In the days before the Internet, it was a bad day at our house when we didn’t get at least a couple of magazines in the mail.
My wife and I would divvy up the haul and plop down for an evening’s read. The fare ranged from the Economist to Sports Illustrated, from the New Republic to Entertainment Weekly.
Now, we come home and open up our laptops. The other day, I counted up the magazines we don’t get any more. I got up to 40 without even trying very hard. We’re down to about eight or 10 that actually arrive regularly in our mailbox.
Despite that, I’m reasonably bullish on the future of magazines. In today’s media world, they offer a unique experience. They invite relaxation and settling in. They don’t demand to be consumed immediately and in total; you can pick them up and put them down several times. They have a tactile element that feeds another sense. They add character to a coffee table.
The magazine industry agrees with me. According to various industry sources, magazine readership is up about 13 percent over the last 10 years, even though circulation has declined about 10 percent.
Magazine ad revenue is up about 24 percent over the last decade. That’s somewhat deceptive, because it’s actually dipped from its peak in 2007, before the Great Recession hit. But magazine ad revenue has begun to recover its losses, unlike newspapers — which have lost more than half of their ad dollars in the last five years, and have posted nothing but uninterrupted quarterly declines in that time.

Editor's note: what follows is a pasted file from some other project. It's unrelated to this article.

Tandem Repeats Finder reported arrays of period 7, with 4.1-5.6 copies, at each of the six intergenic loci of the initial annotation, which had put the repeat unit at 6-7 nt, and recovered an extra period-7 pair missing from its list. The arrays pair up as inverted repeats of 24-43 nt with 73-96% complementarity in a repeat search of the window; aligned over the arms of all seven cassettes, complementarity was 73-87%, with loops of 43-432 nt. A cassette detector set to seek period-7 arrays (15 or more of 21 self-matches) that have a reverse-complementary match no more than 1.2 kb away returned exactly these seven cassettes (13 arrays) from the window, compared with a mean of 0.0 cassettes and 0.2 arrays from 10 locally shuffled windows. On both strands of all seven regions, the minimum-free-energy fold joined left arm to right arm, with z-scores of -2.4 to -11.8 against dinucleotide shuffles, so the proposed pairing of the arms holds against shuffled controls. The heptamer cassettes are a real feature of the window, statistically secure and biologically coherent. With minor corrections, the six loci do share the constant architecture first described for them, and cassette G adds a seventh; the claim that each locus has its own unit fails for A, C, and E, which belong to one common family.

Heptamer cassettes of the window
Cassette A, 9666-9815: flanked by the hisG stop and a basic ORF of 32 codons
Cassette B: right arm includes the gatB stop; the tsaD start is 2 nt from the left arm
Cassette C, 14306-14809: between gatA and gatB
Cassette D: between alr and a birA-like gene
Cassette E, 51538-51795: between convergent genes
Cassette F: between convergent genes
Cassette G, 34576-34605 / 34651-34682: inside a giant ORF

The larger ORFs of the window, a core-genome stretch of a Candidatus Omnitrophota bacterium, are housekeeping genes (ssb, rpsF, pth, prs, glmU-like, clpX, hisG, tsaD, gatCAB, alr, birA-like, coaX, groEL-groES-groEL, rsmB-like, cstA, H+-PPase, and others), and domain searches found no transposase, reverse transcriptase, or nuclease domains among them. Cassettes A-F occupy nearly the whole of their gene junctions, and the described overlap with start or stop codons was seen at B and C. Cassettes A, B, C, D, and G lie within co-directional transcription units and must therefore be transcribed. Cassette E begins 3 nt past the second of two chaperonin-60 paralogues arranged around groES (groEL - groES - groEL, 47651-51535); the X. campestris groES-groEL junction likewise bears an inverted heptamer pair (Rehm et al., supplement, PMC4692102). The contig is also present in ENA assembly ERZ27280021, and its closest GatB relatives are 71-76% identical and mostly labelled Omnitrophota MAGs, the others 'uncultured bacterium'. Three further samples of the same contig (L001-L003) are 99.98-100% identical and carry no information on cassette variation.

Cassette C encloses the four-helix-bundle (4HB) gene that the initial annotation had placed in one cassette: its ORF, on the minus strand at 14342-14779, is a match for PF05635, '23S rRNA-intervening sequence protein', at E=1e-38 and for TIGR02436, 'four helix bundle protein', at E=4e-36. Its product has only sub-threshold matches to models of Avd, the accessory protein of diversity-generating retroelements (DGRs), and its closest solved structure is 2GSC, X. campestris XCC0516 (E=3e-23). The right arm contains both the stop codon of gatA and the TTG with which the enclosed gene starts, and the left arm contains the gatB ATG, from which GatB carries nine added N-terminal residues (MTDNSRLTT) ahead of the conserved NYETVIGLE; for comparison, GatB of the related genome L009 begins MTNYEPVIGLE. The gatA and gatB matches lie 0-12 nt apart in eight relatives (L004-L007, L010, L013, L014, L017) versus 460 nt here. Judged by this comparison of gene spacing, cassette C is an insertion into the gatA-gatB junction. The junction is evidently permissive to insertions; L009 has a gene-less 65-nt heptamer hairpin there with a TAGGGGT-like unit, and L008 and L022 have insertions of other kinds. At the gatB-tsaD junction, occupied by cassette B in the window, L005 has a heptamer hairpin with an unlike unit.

One surprise hit in the magazine world is Game Informer, which originates in the North Loop neighborhood of downtown Minneapolis. Like the industry it covers, Game Informer has grown like crazy. It’s now the fifth-largest magazine, up there with long-established heavyweights like Ladies’ Home Journal and Reader’s Digest.
Some magazine niches will do better than others. The struggles of the weekly news magazines have been well-chronicled; they’ve all been reinvented and redesigned several times in recent years, and their future is cloudy.
But niche publications serving intensely interested audiences should continue to thrive. Among the magazines I still subscribe to are several serving the classic-car hobby. I don’t own a classic car, but I love looking at what my wife calls “old-car porn,” and I don’t get the same pleasure scrolling through online hobbyist sites.
My wife, in fact, is editor-in-chief of another Minneapolis-based magazine: American Craft, which moved here from New York a couple years ago and publishes content aimed at makers, sellers and collectors of fine artisan craftwork. It, too, appears to be thriving.
The explosion of tablet readers is just getting under way, and that has the potential to change the dynamics of the magazine business yet again. But that’s an entirely different topic that I’m not going to tackle here.
We may not get as many magazines at our house as we once did, but we still enjoy and value those that we do receive, and I don’t see us ever giving them up entirely. And I think a lot of other Americans feel that way. Magazines that provide interesting, absorbing content, attractively packaged, should stand a good chance of surviving the ongoing upheaval in the modern media world.